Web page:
The haiku we choose to review this week is the following one by Johannes Manjrekar:
the silence heavier
after the barking
In what is normally supposed to be a relaxed Sunday afternoon – the protagonist seems to be clearly uneasy. There are two possibilities here – either his dog’s incessant barking distracted him momentarily or a heated exchange with his spouse akin to barking left him more upset.
In both situations, the silence that follows becomes even more stark when the noise stops…
Touching upon the technicalities, as I am wont to do, I note the tell tale words ‘afternoon’ and the word ‘barking’ [which implies the presence of a dog] — both terms being Summer kigo.
L2 says the silence is heavier, which means there was a heavy silence even before the barking started. Immediately the question arises: Why this heavy silence?
Could it be the silence which accompanies a Sunday afternoon nap? Could it be something deeper, a more serious reason? Then again, perhaps the poet persona is alone at home, with only a dog keeping guard at the doorstep or gate, and an intruder comes along to set off the barking.
And on a more morbid note, which cannot be dismissed — Could there be a mourning in progress?
As can be seen, there is a lot more lateral space for interpretations than meets a less perceptive eye. A less perceptive reader would take only the interpretation most obvious to him and make a grandiose judgement. But for the more perceptive among the readers, there are a myriad nuances and meanings to be read and deciphered, nuances that enrich a haiku which would otherwise have been rendered insipid and shallow with a naïve ‘directness’ at best.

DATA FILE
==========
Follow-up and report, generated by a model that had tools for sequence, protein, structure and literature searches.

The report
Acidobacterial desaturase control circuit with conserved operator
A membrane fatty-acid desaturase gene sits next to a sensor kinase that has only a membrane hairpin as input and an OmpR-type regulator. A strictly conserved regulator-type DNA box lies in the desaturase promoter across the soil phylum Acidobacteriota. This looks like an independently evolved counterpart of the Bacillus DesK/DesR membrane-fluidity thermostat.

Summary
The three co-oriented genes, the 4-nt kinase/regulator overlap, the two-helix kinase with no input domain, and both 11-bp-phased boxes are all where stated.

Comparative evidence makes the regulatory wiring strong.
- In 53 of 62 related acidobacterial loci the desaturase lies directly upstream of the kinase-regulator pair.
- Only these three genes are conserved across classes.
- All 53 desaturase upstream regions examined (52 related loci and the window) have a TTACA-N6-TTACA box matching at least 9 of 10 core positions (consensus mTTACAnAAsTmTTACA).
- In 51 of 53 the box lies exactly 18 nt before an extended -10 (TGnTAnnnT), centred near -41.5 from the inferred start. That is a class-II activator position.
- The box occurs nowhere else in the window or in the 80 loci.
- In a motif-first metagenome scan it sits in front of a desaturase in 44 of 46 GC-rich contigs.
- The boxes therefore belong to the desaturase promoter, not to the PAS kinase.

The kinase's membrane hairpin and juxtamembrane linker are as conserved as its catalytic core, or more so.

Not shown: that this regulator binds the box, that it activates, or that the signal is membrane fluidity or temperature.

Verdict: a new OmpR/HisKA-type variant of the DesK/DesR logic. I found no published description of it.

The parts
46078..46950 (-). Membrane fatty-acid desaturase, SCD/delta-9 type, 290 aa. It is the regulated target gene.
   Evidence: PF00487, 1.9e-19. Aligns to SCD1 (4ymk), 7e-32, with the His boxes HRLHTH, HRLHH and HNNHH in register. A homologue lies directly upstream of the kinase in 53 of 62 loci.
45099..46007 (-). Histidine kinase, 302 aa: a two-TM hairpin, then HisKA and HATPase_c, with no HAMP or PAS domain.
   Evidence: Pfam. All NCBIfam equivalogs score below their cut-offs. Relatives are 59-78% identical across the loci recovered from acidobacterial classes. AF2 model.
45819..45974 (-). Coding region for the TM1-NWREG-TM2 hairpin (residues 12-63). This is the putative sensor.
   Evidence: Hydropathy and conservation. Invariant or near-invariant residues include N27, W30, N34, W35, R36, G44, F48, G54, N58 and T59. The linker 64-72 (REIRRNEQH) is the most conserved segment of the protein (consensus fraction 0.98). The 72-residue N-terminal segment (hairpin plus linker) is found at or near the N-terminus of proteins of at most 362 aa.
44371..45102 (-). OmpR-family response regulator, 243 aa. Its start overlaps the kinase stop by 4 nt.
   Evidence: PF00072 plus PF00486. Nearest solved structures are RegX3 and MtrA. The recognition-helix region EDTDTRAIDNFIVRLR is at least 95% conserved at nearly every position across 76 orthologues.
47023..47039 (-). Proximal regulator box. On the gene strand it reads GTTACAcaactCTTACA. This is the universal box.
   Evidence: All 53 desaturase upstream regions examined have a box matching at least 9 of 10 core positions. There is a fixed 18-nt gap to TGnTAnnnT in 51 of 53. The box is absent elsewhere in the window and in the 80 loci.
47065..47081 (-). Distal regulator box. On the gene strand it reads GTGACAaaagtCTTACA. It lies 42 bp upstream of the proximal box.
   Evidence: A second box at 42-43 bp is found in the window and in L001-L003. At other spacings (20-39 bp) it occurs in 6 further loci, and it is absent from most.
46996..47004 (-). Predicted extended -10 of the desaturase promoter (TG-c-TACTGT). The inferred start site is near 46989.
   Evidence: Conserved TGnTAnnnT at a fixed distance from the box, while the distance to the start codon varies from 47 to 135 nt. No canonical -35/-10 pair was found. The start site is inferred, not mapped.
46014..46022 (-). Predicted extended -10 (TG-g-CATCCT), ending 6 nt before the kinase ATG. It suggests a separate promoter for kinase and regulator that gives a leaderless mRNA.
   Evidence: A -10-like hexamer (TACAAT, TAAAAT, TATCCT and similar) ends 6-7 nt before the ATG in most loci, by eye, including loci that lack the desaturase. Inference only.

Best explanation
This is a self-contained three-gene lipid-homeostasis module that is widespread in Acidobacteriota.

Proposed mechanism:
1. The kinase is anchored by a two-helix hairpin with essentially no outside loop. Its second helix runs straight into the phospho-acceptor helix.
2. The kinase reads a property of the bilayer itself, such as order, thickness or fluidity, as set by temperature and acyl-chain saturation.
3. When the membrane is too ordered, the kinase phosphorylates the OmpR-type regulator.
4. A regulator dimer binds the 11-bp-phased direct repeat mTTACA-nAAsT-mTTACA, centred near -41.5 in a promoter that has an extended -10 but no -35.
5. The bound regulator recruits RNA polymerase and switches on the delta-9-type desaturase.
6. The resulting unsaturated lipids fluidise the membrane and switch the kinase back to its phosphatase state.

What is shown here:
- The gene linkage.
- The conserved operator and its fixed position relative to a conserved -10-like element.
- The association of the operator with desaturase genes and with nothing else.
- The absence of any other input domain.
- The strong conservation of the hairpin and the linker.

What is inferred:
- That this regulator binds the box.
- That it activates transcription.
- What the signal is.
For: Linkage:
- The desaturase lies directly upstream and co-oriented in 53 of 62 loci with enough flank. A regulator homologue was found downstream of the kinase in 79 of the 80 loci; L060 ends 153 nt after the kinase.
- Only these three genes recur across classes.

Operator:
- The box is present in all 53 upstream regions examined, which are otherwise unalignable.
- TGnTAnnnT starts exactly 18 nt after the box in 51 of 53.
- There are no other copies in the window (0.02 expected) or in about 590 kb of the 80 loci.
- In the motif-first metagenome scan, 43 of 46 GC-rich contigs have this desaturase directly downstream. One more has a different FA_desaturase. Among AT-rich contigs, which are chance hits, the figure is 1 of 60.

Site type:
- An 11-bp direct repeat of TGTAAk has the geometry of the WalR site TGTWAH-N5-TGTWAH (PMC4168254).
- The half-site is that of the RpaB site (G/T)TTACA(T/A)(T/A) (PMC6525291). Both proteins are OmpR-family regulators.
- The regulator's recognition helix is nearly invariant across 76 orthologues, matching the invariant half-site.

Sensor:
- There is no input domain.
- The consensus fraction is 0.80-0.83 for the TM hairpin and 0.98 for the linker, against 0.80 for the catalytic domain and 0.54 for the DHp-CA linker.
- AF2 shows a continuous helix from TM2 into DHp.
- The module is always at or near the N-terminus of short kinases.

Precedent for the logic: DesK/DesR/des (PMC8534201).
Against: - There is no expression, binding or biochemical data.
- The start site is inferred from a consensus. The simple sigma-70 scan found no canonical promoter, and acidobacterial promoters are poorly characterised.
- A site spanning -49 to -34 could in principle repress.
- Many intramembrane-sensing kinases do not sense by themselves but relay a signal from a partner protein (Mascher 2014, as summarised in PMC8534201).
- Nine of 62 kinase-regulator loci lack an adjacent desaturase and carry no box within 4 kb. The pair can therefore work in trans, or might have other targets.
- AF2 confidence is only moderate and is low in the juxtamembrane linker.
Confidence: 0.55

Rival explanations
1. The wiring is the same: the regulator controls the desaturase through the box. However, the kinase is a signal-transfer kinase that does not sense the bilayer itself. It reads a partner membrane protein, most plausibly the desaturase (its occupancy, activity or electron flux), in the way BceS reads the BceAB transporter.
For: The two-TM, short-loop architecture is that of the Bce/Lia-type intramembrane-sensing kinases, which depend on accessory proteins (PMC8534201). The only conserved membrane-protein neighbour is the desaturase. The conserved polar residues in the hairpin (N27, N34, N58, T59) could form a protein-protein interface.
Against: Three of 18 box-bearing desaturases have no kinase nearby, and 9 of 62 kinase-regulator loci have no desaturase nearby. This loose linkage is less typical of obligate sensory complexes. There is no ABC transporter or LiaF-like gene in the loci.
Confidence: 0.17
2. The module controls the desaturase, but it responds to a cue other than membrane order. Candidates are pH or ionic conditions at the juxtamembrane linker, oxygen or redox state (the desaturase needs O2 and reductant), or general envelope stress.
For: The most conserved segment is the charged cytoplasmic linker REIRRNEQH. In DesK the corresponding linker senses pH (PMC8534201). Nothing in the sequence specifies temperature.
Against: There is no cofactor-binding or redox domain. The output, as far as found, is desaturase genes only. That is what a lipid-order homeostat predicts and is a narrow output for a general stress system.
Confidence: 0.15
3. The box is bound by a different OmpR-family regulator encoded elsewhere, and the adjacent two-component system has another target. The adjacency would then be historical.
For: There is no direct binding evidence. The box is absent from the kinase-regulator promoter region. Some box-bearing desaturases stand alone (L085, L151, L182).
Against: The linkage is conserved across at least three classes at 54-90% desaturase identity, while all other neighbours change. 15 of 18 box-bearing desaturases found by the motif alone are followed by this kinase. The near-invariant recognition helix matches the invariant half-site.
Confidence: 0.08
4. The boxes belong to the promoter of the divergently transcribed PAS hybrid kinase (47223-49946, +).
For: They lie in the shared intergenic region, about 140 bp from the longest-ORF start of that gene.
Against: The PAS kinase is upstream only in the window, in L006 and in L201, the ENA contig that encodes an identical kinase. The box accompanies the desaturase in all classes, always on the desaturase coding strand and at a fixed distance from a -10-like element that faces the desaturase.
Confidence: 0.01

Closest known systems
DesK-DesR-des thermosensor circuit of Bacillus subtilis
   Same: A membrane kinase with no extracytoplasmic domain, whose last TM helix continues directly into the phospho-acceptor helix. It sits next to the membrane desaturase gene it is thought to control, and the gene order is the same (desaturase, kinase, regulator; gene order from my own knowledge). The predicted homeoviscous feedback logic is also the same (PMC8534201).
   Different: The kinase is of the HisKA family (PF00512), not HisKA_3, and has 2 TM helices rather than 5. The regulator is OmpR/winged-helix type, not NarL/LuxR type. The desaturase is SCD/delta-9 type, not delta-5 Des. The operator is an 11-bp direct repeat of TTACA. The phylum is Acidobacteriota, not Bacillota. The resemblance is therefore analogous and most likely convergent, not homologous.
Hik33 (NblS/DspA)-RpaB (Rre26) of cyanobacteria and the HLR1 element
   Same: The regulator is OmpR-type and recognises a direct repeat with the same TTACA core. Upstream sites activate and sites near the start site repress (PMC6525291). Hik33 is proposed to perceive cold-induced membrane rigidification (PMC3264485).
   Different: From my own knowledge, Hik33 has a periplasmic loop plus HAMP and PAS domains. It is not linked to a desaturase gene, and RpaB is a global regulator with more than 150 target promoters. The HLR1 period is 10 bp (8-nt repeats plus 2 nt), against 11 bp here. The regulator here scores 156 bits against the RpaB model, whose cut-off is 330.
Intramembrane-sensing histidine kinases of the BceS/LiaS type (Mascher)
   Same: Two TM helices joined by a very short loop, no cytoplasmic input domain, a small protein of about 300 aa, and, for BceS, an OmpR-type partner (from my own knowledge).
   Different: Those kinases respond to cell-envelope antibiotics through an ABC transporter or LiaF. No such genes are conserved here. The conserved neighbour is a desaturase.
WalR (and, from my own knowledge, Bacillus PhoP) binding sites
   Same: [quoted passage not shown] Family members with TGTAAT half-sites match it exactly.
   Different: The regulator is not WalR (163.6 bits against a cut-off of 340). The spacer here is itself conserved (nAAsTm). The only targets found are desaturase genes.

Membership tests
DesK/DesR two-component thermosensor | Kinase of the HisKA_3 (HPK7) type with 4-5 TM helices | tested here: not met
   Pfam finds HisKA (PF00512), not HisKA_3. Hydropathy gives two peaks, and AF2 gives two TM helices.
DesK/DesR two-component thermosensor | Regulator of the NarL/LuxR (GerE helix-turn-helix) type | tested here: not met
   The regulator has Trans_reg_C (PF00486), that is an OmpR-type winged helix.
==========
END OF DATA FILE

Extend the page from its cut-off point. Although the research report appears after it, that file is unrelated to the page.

Raamesh Gowri Raghavan:
There are few things more precious than a Sunday afternoon. So to have your society-given license to laze shattered by the paranoia of a suspicious dog is doubly tragic. If you’re a pet owner, especially in a pet unfriendly neighbourhood, your dog barking his head off at a perceived slight to his dignity or security, is added pain. That it is also often comical, when your dog’s offender is a neighbour’s pajamas fluttering in the breeze, only as to the disquiet.
That I could read so much into Johannes’ piece must weigh as a tribute to him. I’m not quite sure he leaves a lot of lateral space, the barking and the silence stand in sharp contrast to each other, and the reclamation of the Sunday afternoon resonates.
When we were looking for a haiku to review with enough lateral space to give us room for interpretation, this one stood out.
Presumably, it is a silent Sunday afternoon, a peaceful and restful time of day, broken by loud barking. Was the poet dozing and interrupted by the barks? Perhaps.
Is it the poet’s dog or is it a stray outside the window? No idea, but it leads to that lovely second line and the weight of the silence.
The simplicity of the haiku is appealing. Everyone has experienced silence after sound but it takes a poet’s sensitivity to describe it’s heavier quality.
A beautiful haiku with a meditative feel about it.
‘Heavier’; a three syllabic word that adds so much weight to a potentially banal Sunday siesta. Eyelids heavy with sleep? The silence after a crime witnessed by dogs alone?
A delicious lateral space to be coloured by the reader in the nuanced shades of his/her own life experiences. Not to mention the synaesthesia between sound and substance, used to describe the silence. All the tell-tale signs of a master at work.
What is the cause of the intrusion in the haijin’s consciousness? Only he can tell. But the imagery of a hot summer afternoon punctuated by disturbance serves up a good contrast, pivoting around the one word ‘heavier’ that makes the Ku so effective to me.